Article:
Viewing Care for Creation Through the Black Lives Matter Movement
by Tamara Henry
While churches have often focused on engaging in care for creation by directing attention to issues of environmental justice (i.e. stewardship of the earth’s natural environment) an equally important aspect of affirming the sacredness of creation today must also include emphasis and regard for the dignity of lives of vulnerable human populations, including young persons of color in the United States who have increasingly become victims of socio-historic modes of racism.
The Whole Universe Lives Within the Word of God
by Jill Schaeffer
A city is the whole shebang living within the Word of God. Preaching to and out of an urban scene locates the lives and stories generated in that scenario dwelling within the Word. There is nothing that cannot be said or proclaimed that lies outside that Word. And nothing foretold that has not been anticipated through that Word.
Creation As An Ongoing Change
by Susanne Wigorts Yngvesson
A common belief among Christians is to imagine the creation of the world as an historical point at an end of a linear timeline; when God separated light from darkness and heaven from earth. The risk of describing creation as an historical point is to reduce it, to make it mechanical (cause and effect), as if everything was completed and perfect once upon a time and has to be restored.
Male and Female, God Created Them
by Jo David
The earliest chapters of Genesis struggle with the issue of how men and women were created and the nature of their relationship to one another. It is particularly interesting that, in Genesis 1, the almost universal idea that men are the “natural rulers” of the world is challenged in significant ways.
by Asayo O. Thomas
Each star and galaxy are evidence of God’s creation. God did not just create them, but has been nurturing them for billions of years. And new stars keep emerging into this universe almost every day.
Grace in Creation: Seeing Grace in Genesis 1–3
by Brandt L. Montgomery
That grace can be found in the New Testament is an issue of no debate, for the fourth Gospel declares, “The law indeed was given through Moses; grace and truth came through Jesus Christ” (Jn. 1:17). But the assertion that there is grace throughout the Old Testament is one that still generates considerable debate within certain Christian communities and theological circles.
God Gave Women Authority, Too
by Peggy Adrien
The Book of Genesis describes a beautiful story about the beginning of life on earth. However, it is also a story anchored in debate, fueling conversation known as “the battle of the sexes” and addresses the ongoing issue of female leadership. Should women hold positions of authority in the church?
Book Review: Preaching: Communicating Faith in an Age of Skepticism by Timothy Keller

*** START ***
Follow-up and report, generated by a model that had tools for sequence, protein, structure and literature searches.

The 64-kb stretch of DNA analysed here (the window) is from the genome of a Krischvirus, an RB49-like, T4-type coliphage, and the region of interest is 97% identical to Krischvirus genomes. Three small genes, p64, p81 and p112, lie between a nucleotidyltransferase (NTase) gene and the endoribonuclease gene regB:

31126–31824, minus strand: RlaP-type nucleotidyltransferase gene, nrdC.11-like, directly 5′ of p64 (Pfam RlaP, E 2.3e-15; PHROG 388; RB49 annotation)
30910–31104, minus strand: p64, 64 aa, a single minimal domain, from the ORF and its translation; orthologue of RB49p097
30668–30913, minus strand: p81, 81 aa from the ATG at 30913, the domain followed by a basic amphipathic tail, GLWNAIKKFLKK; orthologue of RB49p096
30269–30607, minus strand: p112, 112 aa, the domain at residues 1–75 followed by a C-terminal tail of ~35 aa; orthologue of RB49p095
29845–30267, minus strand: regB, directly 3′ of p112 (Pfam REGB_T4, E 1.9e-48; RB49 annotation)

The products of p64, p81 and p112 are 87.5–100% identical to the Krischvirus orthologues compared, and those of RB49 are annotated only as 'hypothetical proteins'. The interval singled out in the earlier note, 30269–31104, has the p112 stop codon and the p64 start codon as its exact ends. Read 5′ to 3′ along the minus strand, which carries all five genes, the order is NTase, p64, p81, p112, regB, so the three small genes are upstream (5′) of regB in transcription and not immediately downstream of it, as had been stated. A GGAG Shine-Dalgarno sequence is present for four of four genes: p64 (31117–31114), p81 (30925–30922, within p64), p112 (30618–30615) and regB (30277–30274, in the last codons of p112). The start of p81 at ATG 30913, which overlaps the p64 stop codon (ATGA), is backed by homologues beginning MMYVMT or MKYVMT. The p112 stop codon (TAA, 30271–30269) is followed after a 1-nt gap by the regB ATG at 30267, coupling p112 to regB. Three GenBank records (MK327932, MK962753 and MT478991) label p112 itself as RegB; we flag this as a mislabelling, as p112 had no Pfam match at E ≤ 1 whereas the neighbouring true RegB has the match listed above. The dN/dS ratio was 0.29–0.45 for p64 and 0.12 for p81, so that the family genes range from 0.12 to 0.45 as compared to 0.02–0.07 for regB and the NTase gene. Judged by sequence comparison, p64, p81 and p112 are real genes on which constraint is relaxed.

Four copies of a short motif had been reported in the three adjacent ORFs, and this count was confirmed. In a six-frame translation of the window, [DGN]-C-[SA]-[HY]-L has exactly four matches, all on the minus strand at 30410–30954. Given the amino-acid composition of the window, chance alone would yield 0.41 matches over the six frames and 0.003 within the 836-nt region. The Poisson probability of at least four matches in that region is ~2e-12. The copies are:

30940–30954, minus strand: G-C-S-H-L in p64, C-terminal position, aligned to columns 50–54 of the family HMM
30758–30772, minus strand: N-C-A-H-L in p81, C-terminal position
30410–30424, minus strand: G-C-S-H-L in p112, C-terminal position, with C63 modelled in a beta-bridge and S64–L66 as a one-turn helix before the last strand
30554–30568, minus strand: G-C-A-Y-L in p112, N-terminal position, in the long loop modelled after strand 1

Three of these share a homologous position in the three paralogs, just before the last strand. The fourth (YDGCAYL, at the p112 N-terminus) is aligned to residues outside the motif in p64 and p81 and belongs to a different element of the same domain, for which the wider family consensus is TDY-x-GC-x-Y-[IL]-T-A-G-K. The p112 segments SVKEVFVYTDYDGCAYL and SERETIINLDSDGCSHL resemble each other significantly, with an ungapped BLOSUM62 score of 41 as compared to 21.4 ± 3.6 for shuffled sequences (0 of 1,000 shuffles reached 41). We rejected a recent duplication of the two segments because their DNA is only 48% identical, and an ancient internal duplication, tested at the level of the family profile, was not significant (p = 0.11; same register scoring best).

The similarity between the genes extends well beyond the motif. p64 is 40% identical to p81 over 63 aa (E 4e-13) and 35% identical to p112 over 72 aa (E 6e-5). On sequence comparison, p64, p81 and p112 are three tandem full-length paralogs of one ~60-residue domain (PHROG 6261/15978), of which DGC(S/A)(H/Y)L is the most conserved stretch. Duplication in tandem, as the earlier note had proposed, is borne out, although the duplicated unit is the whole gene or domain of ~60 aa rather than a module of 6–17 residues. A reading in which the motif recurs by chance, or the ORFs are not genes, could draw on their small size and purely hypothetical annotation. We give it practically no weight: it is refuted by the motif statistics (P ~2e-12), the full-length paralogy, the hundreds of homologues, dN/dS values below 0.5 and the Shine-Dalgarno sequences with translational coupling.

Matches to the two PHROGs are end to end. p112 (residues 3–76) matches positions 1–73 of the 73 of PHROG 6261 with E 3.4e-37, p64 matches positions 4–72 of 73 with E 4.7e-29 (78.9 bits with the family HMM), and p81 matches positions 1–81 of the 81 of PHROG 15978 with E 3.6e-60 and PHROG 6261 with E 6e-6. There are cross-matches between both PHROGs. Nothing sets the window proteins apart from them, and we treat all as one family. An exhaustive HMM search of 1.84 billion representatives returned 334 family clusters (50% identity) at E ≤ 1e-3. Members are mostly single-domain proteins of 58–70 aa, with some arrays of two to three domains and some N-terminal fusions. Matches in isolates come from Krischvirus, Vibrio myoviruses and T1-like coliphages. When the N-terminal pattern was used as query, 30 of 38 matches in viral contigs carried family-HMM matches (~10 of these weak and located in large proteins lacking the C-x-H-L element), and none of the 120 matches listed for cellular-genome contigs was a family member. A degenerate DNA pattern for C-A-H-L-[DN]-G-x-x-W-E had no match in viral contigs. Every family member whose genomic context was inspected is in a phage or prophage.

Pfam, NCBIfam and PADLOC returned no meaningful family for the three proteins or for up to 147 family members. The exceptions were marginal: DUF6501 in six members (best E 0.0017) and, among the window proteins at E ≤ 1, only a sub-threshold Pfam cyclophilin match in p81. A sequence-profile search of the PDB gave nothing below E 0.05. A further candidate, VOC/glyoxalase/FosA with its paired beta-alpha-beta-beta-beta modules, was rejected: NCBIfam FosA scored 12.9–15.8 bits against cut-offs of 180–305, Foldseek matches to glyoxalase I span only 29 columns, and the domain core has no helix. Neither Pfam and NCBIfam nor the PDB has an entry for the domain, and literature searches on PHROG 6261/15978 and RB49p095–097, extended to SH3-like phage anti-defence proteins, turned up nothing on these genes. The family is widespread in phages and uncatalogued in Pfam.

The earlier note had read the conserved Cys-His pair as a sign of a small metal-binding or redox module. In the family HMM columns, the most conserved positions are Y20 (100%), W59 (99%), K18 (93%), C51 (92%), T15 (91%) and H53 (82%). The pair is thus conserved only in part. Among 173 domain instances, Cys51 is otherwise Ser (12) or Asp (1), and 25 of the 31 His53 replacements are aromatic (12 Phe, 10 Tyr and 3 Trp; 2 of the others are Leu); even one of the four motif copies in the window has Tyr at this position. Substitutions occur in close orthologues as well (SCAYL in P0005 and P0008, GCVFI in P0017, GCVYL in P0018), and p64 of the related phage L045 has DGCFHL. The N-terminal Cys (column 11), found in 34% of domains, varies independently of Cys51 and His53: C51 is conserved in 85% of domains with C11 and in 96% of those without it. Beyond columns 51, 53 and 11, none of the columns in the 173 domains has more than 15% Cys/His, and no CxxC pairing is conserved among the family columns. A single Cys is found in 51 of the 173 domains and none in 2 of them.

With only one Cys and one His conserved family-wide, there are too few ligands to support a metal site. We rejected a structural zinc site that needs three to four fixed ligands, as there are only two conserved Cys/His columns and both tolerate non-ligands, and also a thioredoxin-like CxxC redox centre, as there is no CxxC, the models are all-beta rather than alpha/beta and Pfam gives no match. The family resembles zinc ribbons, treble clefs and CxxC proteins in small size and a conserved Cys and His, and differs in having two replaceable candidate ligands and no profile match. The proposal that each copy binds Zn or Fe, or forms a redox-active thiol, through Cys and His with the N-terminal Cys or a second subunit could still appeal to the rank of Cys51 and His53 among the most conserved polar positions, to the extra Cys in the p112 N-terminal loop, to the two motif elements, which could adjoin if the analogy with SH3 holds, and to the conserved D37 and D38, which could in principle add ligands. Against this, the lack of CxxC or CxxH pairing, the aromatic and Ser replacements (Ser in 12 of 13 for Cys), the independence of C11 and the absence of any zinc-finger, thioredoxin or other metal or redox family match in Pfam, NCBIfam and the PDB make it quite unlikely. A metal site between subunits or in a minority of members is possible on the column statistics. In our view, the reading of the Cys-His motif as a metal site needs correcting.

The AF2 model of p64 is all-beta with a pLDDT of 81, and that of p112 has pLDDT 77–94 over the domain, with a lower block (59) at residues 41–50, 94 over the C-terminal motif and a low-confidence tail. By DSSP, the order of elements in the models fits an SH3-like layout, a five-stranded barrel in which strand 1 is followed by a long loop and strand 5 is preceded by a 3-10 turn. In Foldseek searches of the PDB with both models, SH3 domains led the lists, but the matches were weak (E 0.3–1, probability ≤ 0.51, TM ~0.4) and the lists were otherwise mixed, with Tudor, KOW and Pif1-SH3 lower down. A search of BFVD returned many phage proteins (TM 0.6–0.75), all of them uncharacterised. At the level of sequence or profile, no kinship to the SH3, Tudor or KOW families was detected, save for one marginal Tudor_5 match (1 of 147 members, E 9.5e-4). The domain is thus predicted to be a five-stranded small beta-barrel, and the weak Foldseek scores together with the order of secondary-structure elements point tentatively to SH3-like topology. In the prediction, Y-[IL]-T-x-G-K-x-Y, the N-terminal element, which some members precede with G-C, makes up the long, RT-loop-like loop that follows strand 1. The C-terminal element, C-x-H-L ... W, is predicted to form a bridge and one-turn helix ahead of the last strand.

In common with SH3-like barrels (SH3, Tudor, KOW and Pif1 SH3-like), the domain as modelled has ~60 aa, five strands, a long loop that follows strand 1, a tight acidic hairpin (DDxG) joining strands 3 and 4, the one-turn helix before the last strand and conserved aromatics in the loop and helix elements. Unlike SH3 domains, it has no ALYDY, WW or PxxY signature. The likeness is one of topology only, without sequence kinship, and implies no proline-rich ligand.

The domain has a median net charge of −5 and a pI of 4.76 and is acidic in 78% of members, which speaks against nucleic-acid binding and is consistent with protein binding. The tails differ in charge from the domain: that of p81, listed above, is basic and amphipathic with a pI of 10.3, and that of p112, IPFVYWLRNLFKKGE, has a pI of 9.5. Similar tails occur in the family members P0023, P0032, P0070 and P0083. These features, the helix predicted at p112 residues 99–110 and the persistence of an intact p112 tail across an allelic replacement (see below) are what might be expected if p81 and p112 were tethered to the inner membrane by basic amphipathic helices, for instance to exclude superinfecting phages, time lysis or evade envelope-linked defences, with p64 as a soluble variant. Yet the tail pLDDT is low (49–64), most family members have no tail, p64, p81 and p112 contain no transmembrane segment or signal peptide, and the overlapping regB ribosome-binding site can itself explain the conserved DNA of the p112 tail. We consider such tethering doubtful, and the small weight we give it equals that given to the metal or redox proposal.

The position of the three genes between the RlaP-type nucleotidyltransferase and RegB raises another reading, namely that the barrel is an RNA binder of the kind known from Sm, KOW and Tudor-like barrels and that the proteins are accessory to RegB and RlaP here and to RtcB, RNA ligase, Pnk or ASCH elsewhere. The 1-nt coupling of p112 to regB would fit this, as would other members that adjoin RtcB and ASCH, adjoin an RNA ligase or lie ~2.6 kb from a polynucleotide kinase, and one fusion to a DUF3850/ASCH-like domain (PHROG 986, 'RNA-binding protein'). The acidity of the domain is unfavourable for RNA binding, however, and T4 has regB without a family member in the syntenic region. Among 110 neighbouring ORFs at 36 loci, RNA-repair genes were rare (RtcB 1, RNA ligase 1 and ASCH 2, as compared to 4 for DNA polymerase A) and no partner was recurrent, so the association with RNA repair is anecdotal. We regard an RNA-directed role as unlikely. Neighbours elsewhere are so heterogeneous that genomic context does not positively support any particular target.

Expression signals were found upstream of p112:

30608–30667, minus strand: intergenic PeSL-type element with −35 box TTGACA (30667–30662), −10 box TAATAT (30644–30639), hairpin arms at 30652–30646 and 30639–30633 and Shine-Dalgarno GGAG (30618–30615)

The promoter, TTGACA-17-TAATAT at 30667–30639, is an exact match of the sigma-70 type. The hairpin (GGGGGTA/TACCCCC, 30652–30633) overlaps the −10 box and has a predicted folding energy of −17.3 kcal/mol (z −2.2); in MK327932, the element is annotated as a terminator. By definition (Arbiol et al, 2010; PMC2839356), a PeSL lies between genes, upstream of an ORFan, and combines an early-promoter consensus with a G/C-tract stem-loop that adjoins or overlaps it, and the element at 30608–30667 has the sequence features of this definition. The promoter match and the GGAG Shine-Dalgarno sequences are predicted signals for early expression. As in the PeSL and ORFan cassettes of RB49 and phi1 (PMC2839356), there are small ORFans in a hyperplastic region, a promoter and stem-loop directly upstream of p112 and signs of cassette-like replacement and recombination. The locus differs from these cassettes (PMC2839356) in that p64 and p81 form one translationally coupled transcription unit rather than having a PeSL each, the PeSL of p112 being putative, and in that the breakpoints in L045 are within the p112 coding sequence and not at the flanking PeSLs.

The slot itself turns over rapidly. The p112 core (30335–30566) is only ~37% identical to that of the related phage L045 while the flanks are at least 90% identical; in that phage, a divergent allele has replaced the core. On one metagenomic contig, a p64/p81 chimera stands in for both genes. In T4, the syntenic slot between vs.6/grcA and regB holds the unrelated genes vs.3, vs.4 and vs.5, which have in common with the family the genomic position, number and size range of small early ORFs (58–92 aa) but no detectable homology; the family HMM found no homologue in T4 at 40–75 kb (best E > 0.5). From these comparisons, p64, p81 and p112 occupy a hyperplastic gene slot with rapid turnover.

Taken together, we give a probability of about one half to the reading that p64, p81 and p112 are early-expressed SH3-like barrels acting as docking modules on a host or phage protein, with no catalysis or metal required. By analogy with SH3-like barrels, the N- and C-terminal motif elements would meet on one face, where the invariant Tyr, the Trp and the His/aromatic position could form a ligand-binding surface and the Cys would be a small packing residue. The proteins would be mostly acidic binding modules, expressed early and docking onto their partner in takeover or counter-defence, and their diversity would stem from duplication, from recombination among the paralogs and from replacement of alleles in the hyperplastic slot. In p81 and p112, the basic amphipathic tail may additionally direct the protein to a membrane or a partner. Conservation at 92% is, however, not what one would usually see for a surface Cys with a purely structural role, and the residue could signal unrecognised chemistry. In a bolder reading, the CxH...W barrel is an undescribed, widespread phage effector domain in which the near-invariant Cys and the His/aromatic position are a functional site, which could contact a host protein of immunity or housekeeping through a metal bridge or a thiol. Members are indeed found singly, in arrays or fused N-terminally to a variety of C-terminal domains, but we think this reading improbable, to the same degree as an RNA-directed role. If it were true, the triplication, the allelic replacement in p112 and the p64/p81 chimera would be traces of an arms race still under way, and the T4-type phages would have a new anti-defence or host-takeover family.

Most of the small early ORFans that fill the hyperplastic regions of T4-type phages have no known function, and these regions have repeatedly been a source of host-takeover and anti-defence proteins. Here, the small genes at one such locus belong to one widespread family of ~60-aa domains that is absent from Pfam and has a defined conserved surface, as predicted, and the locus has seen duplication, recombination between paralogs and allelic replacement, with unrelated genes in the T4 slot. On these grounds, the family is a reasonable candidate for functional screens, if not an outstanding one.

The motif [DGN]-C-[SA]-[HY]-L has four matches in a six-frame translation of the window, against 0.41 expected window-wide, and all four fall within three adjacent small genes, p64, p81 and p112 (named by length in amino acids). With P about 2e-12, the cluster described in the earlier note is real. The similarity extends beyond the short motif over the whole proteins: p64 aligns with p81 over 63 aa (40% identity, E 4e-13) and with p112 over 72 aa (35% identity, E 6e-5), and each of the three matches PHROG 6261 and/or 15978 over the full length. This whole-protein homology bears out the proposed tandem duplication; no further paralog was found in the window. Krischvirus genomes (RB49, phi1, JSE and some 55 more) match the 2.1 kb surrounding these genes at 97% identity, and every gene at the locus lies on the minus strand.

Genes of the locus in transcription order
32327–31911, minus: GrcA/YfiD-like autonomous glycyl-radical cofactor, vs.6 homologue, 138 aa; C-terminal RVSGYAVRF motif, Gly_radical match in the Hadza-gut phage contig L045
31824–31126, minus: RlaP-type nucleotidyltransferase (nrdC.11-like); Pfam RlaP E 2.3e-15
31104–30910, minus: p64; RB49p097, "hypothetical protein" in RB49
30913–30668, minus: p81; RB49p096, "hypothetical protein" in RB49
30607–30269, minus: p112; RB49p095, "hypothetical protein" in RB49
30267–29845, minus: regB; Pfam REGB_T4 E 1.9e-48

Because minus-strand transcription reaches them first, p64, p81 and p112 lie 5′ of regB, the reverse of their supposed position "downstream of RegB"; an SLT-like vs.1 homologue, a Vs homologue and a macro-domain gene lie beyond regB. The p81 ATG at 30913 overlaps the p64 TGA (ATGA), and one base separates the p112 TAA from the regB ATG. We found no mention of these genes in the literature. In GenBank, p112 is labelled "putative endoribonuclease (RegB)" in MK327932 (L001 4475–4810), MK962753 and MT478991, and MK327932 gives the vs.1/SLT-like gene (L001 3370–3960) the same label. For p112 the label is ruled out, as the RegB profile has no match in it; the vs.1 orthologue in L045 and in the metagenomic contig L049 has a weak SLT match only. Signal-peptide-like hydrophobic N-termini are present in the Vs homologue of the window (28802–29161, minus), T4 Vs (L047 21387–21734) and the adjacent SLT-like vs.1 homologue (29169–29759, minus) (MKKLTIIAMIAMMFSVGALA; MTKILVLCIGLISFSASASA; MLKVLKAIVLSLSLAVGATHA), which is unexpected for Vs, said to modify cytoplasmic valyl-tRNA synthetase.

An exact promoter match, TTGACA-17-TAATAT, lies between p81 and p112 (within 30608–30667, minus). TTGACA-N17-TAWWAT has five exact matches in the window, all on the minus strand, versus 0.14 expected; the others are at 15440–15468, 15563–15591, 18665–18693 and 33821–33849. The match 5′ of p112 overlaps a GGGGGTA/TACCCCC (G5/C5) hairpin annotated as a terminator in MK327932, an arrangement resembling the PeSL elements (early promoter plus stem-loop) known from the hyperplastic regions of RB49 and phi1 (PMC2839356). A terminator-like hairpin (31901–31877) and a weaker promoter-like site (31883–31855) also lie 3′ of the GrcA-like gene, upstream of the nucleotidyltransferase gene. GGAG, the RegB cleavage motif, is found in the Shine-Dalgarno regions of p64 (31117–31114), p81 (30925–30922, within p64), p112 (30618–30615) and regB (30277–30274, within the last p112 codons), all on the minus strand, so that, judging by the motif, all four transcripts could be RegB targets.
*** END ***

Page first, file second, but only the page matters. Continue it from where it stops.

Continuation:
Reviewed by Neal D. Presa
In this volume, Tim Keller has given us a tour de force that every homiletics professor and pastor will want to buy, read, and apply to their preaching and teaching. In this volume, Keller is careful to say that he has not written a preaching manual, but he has penned his preaching manifesto. In reading this book, you get a sense that you are sitting at the feet of a preaching master while at once with a fellow brother in Christ who is encouraging and rooting you on in the serious business of exegeting text, context, and subtext.
Book Review: Hannevi’ah and Hannah: Hearing Women Biblical Prophets in a Women’s Lyrical Tradition by Nancy C. Lee
Reviewed by Karen D. Belin
Prophets highlighted in scripture, exclusive of a few prophetesses, are primarily men, and in many instances, biblical prophecies and psalms by unknown authors are assumed to be men. However, can established writings in the canon be reassigned to prophetesses, who we know existed in ancient times, but allegedly have no record of? Are we mistakenly identifying scriptural prose and songs as being that of men? Nancy C. Lee, addresses ideas such as these and explores biblical language, poetry, and phonetics in order to distinguish female voices embedded within scripture in an attempt to discover unbeknown to us, female prophetic voices traditionally presumed to be predominantly male.
Greetings From the Editor
by Jin Hee Han
Our spring issue of 2016 compels us to re-start our New Year with a reflection on creation. The theme has inspired poets and preachers, as well as the ancient rabbis who gave the theme the prestigious place at the beginning of the Bible. According to a legend, the book of Job was a contender as the head of the Bible, but the sages agreed that the story of the Bible should begin with creation, not with suffering. Firmly grounded in this tradition, many of our authors direct us to the first part of the book of Genesis.
In this issue on creation, we encounter voices that challenge us to learn to value the life of the oppressed for whom God cares. They tell us that God has created human beings in God’s own image, and that every person helps us see God in all spectrums of colors and physical manifestations.
Ancient Media for a New Day: Connecting with the Incarnation
by Carmen Nanko-Fernández
One of the most profound Christian teachings is the incarnation. There is little development in the gospels of this audacious claim that the divine entered the human condition as one of us. John proclaims the Word became flesh and dwelled in our company and both synoptic gospels provide insights into the incarnation, establishing the humanity of Jesus from birth.